Tissue system – epidermal tissue system and Functions, Vascular tissue system
Tissue system – epidermal tissue system and Functions, Vascular-tissue-system
The tissue system
A group of tissues performing a similar function irrespective of its position in the plant body is called a tissue system.
In 1875, Sachs recognized three tissue systems in the plants.
They are epidermal tissue system, vascular tissue system and fundamental tissue system.
Epidermal tissue system
Epidermal tissue system is the outermost covering of plants.
It consists of epidermis, stomata and epidermal outgrowths.
Epidermis is generally composed of single layer of parenchymatous cells compactly arranged without intercellular spaces.
But it is interrupted by stomata. In leaves some specialized cells which surround the stomata are called the guard cells.
Chloroplasts are present only in the guard cells of the epidermis. Other epidermal cells usually do not have chloroplasts.
The outer wall of epidermis is usually covered by cuticle.
Stoma is a minute pore surrounded by two guard cells.
The stomata occur mainly in the epidermis of leaves. In some plants such as sugarcane, the guard cells are bounded by some special cells.
They are distinct from other epidermal cells. These cells are called subsidiary or accessory cells.
Trichomes and root hairs are some epidermal outgrowths. The unicellular or multicellular appendages that originate from the epidermal cells are called trichomes.
Trichomes may be branched or unbranched. Rhizodermis has two types of epidermal cells – long cells and short cells.
The short cells are called trichoblasts. Root hairs are produced from these trichoblasts.
Functions of epidermal tissue system
1. This tissue system in the shoot checks excessive loss of water due to the presence of cuticle.
2. Epidermis protects the underlying tissues.
3. Stomata involve in transpiration and gaseous exchange.
4. Trichomes are also helpful in the dispersal of seeds and fruits.
5. Root hairs absorb water and mineral salts from the soil.
Vascular tissue system
The vascular tissue system consists of xylem and phloem. The elements of xylem and phloem are always organized in groups.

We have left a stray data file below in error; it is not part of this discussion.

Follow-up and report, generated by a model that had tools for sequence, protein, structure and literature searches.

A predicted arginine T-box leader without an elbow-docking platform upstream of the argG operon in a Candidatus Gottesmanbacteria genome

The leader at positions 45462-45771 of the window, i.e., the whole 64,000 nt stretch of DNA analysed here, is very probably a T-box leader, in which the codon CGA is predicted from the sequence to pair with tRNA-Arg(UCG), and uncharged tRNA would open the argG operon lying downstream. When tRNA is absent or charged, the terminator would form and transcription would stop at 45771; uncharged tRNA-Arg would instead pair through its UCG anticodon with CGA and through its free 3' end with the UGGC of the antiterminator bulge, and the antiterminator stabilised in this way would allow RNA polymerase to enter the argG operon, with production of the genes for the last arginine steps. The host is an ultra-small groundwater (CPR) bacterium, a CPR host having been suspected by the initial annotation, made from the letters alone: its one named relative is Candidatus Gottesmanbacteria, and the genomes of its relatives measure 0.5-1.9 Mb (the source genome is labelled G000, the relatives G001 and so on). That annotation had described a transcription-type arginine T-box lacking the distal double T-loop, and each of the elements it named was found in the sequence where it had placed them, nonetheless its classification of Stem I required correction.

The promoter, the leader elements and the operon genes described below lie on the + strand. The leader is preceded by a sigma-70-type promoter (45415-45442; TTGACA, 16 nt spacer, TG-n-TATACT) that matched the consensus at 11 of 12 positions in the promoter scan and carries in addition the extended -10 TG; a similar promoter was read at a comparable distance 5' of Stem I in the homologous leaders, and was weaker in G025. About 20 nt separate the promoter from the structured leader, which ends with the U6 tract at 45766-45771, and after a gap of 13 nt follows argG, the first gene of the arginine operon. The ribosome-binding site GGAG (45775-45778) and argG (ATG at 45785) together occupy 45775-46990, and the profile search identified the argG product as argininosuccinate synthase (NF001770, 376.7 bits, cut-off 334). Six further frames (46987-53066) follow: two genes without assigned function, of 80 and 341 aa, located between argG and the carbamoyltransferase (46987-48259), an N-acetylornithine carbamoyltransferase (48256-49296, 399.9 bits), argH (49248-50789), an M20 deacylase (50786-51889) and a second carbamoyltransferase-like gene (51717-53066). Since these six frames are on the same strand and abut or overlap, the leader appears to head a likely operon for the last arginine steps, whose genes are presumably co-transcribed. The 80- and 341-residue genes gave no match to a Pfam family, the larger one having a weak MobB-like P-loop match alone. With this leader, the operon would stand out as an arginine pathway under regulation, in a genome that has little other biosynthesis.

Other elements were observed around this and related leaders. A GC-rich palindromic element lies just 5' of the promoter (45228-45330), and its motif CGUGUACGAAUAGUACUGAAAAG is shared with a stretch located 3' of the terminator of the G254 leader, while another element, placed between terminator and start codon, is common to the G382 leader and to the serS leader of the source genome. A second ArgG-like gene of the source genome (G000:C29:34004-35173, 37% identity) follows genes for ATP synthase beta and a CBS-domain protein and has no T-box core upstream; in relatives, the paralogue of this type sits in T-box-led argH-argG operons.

They are called vascular bundles. In dicot stem, the vascular bundle consists of cambial tissue in between xylem and phloem.
Such vascular bundle is called open vascular bundle. In monocot stem, cambium is absent in the vascular bundle, hence it is known as closed vascular bundle
In roots, xylem and phloem are arranged in an alternate manner on different radii.
It is called radial arrangement. In stems and leaves, xylem and phloem are arranged at the same radius and form a vascular bundle together.
Such vascular bundle is called conjoint vascular bundle. Depending upon the mutual relationship of xylem and phloem, conjoint vascular bundles are divided into three types.
They are collateral, bicollateral and concentric.
If xylem and phloem in a vascular bundle are arranged along the same radius with phloem towards the outside, such vascular bundle is called collateral vascular bundle.
If phloem occurs on both the outer and inner sides of xylem, the bundle is called bicollateral.
Bicollateral vascular bundles are most typically seen in Cucurbitaceae.
The bundle in which either phloem surrounds the xylem or xylem surrounds the phloem completely is known as concentric vascular bundle.
This is of two types amphicribral and amphivasal. In amphicribral concentric vascular bundles, the phloem completely surrounds the xylem. eg. Polypodium.
In amphivasal concentric vascular bundles, the xylem completely surrounds the phloem. eg. Acorus.
In roots, protoxylem vessels are present towards the periphery and the metaxylem vessels towards the centre. This arrangement of xylem is called exarch.
In stem, protoxylem vessels are towards the centre, while metaxylem towards the periphery. This condition is known as endarch.
Ground or fundamental tissue system
The ground or fundamental tissue system constitutes the main body of the plants.
It includes all the tissues except epidermis and vascular bundles.
In monocot stem, ground tissue system is a continuous mass of parenchymatous tissue in which vascular bundles are found scattered.
Here ground tissue is not differentiated into cortex, endodermis, pericycle and pith.
Generally in dicot stem, ground tissue system is differentiated into three main zones – cortex, pericycle and pith.
The cortex occurs between the epidermis and pericycle. Cortex may be a few to many layers in thickness.
In most cases, cortex is made up of parenchyma tissues. Intercellular spaces may or may not be present.
Cortical cells may contain non-living inclusions like starch grains, oils, tannins and crystal.
In the leaves, the ground tissue consists of chlorenchyma tissues. This region is called mesophyll.
The inner most layer of the cortex is called endodermis. Generally endodermis is made up of barrel shaped parenchyma cells.
These cells are arranged in a single layer without intercellular spaces.
Pericycle occurs between the endodermis and the vascular bundles. It is generally made up of parenchyma cells.
Lateral roots originate from the pericycle. Thus their origin is endogenous.
The central part of the ground tissue is known as pith or medulla. Generally this is made up of thin walled parenchyma cells which may be with or without intercellular spaces.
The cells in the pith generally store starch, fatty substances, tannins, phenols, calcium oxalate crystals, etc.
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